Bartok strode into the tavern. Green wood smoldered in the hearth, filling the main room with a cloud of smoke that crawled along the ceiling. All the windows were shuttered, despite the summer heat, so that the smoke had little escape.
Much of the town’s citizenry occupied the tavern. They filled the tables to overflowing, so that most of them sat on the floor. Some had tankards of ale. Fewer still had plates of light fare. Almost all of them just sat there, suppressing smoke-induced coughing.
Bartok approached the barman, who busied himself with another customer. In the corner, a small girl leaned into her mother.
“Is that the one who killed the dragon?” she asked, her face glowing with awe.
“Yes, dear,” the mother whispered.
The little girl stared at Bartok. He felt her eyes roam his massive frame, from the boots well-worn with adventure to the leather tunic studded with metal rings and the sword as long as a man’s leg strapped to his powerful back. When she took in more air to speak, he tensed his shoulders and gritted his teeth.
“I hate you!” the little girl shouted. Her mother pulled her close and hushed her.
Bartok felt the crowd bristle, but they too saw the massive frame and the sword as long as a man’s leg. As one they thought better of speaking. Still, their collective silence roared in Bartok’s ears, and he left the tavern.
The air slapped him in the face as soon as he stepped into the street. His mouth turned to a frown. He opened it to breathe, concerned that the filthy air was going unfiltered into his body. Even for one who was used to the battlefield, Bartok could not summon the strength to inhale through his nose.
At the top of the shallow hill that dominated the valley, the dragon’s corpse bloated with rot. It seemed to be waiting for Bartok to look, for the moment he did, the pressure inside the dead beast reached the point of no resistance. The scaled belly, stretched to six times its normal size, exploded. Slime fell in gobbets down the gentle slope, only barely failing to reach the closest buildings. A new cloud of putrefaction swallowed Bartok, and he retched inside his mouth. Had he eaten at all in the last two days he would have thrown it up. Instead, he spat out a mouthful of bile and continued down the empty main street to the mayor’s house.
His rap on the door induced a snapping response.
“Come in and be quick about it!”
Bartok opened the door and found heavy curtains had been draped over the entrance. He pushed past the cloth and into a room reeking of incense and smoking herbs. Acrid and unpleasant, the air was a welcome relief.
“What can I do…?” the mayor said as he entered from the back room. He stopped full in his tracks, a cloth in his hands to wipe off sawdust. “Oh, it’s you.”
“Do you have it yet?” Bartok asked.
The mayor turned and opened a box on the shelf. He took out a small bag that jingled with coins. He tossed it across the room, and Bartok deftly caught it.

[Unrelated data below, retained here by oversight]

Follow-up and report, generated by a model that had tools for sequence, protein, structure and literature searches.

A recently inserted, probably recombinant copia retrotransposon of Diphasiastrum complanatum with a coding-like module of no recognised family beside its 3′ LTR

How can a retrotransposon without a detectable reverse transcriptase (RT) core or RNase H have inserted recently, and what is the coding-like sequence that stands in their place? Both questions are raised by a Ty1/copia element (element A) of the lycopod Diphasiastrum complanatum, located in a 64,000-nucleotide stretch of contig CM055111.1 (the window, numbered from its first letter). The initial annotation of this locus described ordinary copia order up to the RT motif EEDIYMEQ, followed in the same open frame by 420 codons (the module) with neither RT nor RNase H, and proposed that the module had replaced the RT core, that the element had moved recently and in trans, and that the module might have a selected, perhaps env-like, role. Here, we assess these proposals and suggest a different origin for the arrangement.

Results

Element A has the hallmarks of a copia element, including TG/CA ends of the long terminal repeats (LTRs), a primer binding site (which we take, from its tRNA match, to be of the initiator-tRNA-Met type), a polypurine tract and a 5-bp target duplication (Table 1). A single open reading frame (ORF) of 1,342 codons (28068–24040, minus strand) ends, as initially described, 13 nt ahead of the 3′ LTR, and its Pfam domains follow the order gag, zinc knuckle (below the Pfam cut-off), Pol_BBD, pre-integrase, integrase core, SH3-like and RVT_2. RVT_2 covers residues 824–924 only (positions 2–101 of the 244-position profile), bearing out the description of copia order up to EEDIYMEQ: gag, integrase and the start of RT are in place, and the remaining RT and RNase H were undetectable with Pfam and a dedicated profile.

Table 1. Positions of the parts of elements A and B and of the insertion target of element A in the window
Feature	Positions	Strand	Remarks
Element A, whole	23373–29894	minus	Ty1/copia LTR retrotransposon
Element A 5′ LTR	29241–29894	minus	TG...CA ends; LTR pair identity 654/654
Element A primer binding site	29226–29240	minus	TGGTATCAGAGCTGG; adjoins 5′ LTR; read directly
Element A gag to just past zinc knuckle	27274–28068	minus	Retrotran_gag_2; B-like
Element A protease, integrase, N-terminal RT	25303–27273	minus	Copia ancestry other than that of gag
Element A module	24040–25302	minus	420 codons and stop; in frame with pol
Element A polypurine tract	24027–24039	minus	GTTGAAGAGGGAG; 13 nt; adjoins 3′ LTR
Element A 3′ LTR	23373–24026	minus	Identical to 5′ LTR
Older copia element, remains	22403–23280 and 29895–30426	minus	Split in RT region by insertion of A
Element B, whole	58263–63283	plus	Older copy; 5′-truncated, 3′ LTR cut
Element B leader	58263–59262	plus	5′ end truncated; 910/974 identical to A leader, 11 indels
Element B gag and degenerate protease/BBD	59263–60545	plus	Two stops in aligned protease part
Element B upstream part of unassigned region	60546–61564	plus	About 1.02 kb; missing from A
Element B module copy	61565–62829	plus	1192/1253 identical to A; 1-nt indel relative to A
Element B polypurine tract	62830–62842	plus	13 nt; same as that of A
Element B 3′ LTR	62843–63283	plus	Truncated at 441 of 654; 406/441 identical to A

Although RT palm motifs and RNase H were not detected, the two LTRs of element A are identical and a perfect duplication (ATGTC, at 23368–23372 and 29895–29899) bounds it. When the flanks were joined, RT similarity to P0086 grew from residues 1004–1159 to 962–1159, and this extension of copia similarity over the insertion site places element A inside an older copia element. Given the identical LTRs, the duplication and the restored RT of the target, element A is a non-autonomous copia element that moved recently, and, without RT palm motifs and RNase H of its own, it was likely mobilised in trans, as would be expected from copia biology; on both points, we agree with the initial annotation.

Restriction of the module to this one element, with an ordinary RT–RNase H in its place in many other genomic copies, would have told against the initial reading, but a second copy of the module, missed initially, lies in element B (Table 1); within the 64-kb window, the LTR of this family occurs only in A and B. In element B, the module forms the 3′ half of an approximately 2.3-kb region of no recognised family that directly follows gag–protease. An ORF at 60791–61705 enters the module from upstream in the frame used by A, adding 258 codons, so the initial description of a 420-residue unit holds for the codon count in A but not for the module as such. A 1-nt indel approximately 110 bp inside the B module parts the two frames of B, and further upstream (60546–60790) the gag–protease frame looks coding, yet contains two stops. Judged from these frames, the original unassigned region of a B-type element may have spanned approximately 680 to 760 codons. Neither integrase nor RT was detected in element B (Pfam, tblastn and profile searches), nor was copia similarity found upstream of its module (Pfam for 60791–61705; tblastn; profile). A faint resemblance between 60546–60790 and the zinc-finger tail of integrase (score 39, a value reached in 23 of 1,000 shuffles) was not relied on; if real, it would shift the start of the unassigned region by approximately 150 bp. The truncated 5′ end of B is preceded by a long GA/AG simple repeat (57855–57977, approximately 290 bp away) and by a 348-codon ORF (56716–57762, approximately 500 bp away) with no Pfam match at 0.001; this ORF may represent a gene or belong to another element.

“It was almost not worth it,” said the mayor. “Some have said they preferred the dragon’s occasional raids.”
“I doubt they really would,” Bartok said. “It is only in hindsight they believe it.”
“Take your gold and go.”
“I have been eager to do so for days. When you said you would pay me to slay that beast, I did not know it would take you two weeks to raise the funds.”
“We are a town of lumbermen and millers. Do you think we always keep gold on hand?”
“It is what you offered. You should have known someone would come to collect it.”
“We didn’t know it would be so soon. We didn’t know a great deal about dragonslaying. That corpse will fester for months.”
Bartok ended the conversation by leaving the house. Back in the open air that reeked of putrescence, he couldn’t help but agree with the mayor. They knew so very little about dragons, especially dead ones. For example, they didn’t know the body should be burned. It takes a great deal of wood, and to these lumbermen who look at each log like it was made of silver, the concept of simply burning it all was impossible to fathom. Still, it was the only way to keep the smell from attracting a rival male into the territory.
If they had paid him last week, he would have told them to burn the body. As he saddled his horse, Bartok wondered if the people who told the mayor they preferred a live dragon to a dead one imagined their wish would come true in the next few days.
He would give them a month then return and ask for twice his fee. And if they didn’t have it ready sooner, he would keep his mouth shut again and ask triple for the next one.
Robert J. Santa has been writing speculative fiction for more than twenty-five years. He lives in Rhode Island, USA with his beautiful wife and two, equally beautiful daughters. When not writing, Robert is the editor-in-chief of Ricasso Press. Technically, he is also the editor-in-chief of Ricasso Press when he is writing.
This story is sponsored by
Jenny Schwartz — Australian contemporary romance author in love with steampunk.